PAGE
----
CHINA ELITE SKIRT CRACK­DOWN

The Washington Times Weekly - - Geopolitics -

The anti-cor­rup­tion cam­paign of Chi­nese Pres­i­dent Xi Jin­ping tar­get­ing gov­ern­ment of­fi­cials and mil­i­tary of­fi­cers is no­table for not tar­get­ing “princelings” — the priv­i­leged off­spring of Com­mu­nist Party el­ders and mil­i­tary lead­ers.

That is the con­clu­sion of an U.S. in­tel­li­gence anal­y­sis that re­veals the elite princelings are flour­ish­ing un­der Mr. Xi, the lead­ing mem­ber of those known in China as “Sec­ond Gen­er­a­tion Reds.”

Since tak­ing power as Com­mu­nist Party gen­eral sec­re­tary two years ago, Mr. Xi has taken down some 50 se­nior of­fi­cials and thou­sands of lower-rank­ing of­fi­cials in the cam­paign.

The two most se­nior of­fi­cials axed for cor­rup­tion — called “tigers” be­cause of their high ranks — were Zhou Yongkang, the party’s se­cu­rity czar and a mem­ber of the seven-per­son col­lec­tive dic­ta­tor­ship that rules China, and Gen. Xu Cai­hou, a for­mer vice chair­man of the Cen­tral Mil­i­tary Com­mis­sion, the most pow­er­ful or­gan within the com­mu­nist sys­tem.

How­ever, nei­ther of the two of­fi­cials was part of the princeling fac­tion now in charge. Only Bo Xi­lai, the party chief in Chongqing who was ousted in 2012 in a ma­jor cor­rup­tion scan­dal, is a princeling.

The dis­par­ity be­tween princelings and non-princelings caught up in the anti-cor­rup­tion cam­paign was not lost on Chi­nese In­ter­net com­men­ta­tors.

A tally of cor­rup­tion tar­gets posted on the popular mi­croblog­ging site QQ Weibo stated that no princelings were among the 842 of­fi­cials ar­rested in the first half of this year. Also, the 54 of­fi­cials who died of un­nat­u­ral causes from Jan­uary 2013 to April 2014 were all of hum­ble ori­gin.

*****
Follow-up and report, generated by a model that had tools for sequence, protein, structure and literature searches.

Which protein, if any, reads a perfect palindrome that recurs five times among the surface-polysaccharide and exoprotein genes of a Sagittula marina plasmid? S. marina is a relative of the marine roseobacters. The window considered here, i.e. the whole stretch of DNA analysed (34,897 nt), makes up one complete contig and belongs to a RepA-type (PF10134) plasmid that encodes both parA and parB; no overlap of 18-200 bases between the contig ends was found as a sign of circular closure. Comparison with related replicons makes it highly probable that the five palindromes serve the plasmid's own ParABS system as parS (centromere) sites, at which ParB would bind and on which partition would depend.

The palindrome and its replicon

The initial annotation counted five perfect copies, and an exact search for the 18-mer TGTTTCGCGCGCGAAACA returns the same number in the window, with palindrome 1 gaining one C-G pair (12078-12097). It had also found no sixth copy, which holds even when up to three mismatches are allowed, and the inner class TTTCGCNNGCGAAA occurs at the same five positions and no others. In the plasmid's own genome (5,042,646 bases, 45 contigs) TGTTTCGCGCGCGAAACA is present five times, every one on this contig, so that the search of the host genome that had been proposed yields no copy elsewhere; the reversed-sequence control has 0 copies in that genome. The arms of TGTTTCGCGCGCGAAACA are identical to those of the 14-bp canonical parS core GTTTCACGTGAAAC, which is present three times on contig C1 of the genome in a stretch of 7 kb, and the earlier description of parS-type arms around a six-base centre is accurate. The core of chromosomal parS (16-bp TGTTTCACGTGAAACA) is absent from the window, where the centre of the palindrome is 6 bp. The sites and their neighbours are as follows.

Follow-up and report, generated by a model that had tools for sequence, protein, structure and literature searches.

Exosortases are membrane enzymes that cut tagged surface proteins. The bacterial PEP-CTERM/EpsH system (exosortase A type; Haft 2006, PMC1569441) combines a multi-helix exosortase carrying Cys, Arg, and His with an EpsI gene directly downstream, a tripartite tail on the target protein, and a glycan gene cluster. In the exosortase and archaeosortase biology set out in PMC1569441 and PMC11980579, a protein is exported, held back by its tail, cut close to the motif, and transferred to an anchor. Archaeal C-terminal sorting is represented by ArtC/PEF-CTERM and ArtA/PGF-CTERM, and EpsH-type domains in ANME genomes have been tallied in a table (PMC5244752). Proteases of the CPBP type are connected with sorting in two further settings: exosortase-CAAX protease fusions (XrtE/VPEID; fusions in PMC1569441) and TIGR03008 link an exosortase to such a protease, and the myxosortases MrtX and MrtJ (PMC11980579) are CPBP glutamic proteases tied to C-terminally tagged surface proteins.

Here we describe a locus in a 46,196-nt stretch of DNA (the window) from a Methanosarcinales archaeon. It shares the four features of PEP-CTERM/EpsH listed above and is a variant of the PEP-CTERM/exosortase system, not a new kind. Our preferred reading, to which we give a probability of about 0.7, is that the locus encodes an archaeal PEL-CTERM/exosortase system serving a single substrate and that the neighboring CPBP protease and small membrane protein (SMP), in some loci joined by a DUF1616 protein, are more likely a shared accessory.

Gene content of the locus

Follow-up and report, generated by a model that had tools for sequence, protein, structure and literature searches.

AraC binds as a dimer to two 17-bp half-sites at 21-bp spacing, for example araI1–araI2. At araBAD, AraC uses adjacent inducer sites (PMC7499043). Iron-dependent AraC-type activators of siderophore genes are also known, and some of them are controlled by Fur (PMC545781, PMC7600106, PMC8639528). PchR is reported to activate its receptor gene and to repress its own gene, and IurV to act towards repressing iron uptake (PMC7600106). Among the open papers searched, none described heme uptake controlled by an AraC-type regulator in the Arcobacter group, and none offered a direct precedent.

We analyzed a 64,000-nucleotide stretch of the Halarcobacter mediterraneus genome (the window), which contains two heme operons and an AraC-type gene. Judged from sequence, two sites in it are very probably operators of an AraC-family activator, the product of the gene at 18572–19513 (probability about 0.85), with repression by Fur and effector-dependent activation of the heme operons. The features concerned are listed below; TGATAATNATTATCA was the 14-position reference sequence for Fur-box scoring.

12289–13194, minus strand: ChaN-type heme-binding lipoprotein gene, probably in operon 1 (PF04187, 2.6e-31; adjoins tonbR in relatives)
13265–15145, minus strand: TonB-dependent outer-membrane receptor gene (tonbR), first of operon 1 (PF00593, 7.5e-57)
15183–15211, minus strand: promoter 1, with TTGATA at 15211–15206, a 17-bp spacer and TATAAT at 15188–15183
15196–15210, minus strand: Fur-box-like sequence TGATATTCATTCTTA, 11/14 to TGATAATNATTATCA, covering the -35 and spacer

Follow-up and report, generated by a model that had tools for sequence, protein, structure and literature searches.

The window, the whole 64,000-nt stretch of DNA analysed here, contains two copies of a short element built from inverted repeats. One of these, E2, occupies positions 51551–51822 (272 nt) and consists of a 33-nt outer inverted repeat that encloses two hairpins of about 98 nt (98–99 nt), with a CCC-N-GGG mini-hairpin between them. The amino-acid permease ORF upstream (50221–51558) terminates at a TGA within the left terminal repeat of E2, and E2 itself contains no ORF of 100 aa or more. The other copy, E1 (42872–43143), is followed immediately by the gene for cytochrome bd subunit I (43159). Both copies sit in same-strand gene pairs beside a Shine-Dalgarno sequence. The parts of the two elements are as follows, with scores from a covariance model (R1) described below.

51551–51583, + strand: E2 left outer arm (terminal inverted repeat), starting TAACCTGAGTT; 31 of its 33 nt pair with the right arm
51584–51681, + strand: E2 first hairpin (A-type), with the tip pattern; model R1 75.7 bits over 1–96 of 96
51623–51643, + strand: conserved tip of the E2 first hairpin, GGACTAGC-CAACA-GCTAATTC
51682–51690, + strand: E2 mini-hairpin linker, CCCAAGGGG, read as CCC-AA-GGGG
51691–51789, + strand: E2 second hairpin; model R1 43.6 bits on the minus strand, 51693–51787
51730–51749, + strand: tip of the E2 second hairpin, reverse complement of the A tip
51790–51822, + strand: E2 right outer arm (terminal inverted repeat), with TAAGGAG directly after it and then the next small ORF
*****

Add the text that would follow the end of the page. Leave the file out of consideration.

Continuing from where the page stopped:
The se­lec­tive crack­down prompted one In­ter­net user to post a pic­ture of Mr. Zhou with the com­ment: “Cor­rupt of­fi­cials all hail from lowly classes and the Sec­ond Gen­er­a­tion Reds are all per­fect men.”

Another blog­ger said the anti-cor­rup­tion cam­paign will fail if it “turns out to be a case of Sec­ond Gen­er­a­tion Reds clear­ing out their do­mes­tic slaves.”

A third post praised the down­fall of Mr. Zhou and Mr. Xu, but asked: “What about the nu­mer­ous tigers with a rev­o­lu­tion­ary back­ground?”

A blog­ger iden­ti­fied by the han­dle Pris­on­ers of Huaxia wrote that the an­ticor­rup­tion cam­paign ap­pears fruit­less be­cause the princelings re­gard China as a “fam­ily as­set” for China’s com­mu­nist lead­ers and their rel­a­tives to gain riches.

To bol­ster his cam­paign and pre­vent po­lit­i­cal and other snip­ing from non­princelings within the regime, Mr. Xi last month picked two gen­er­als, Liu Yuan and Zhang Youxia, for pro­mo­tion to the Cen­tral Mil­i­tary Com­mis­sions, the South China Morn­ing Post re­ported.

Both gen­er­als are the off­spring of party el­ders and close as­so­ciates of Mr. Xi.

Con­tact Bill Gertz on Twit­ter at @Bil­lGertz.

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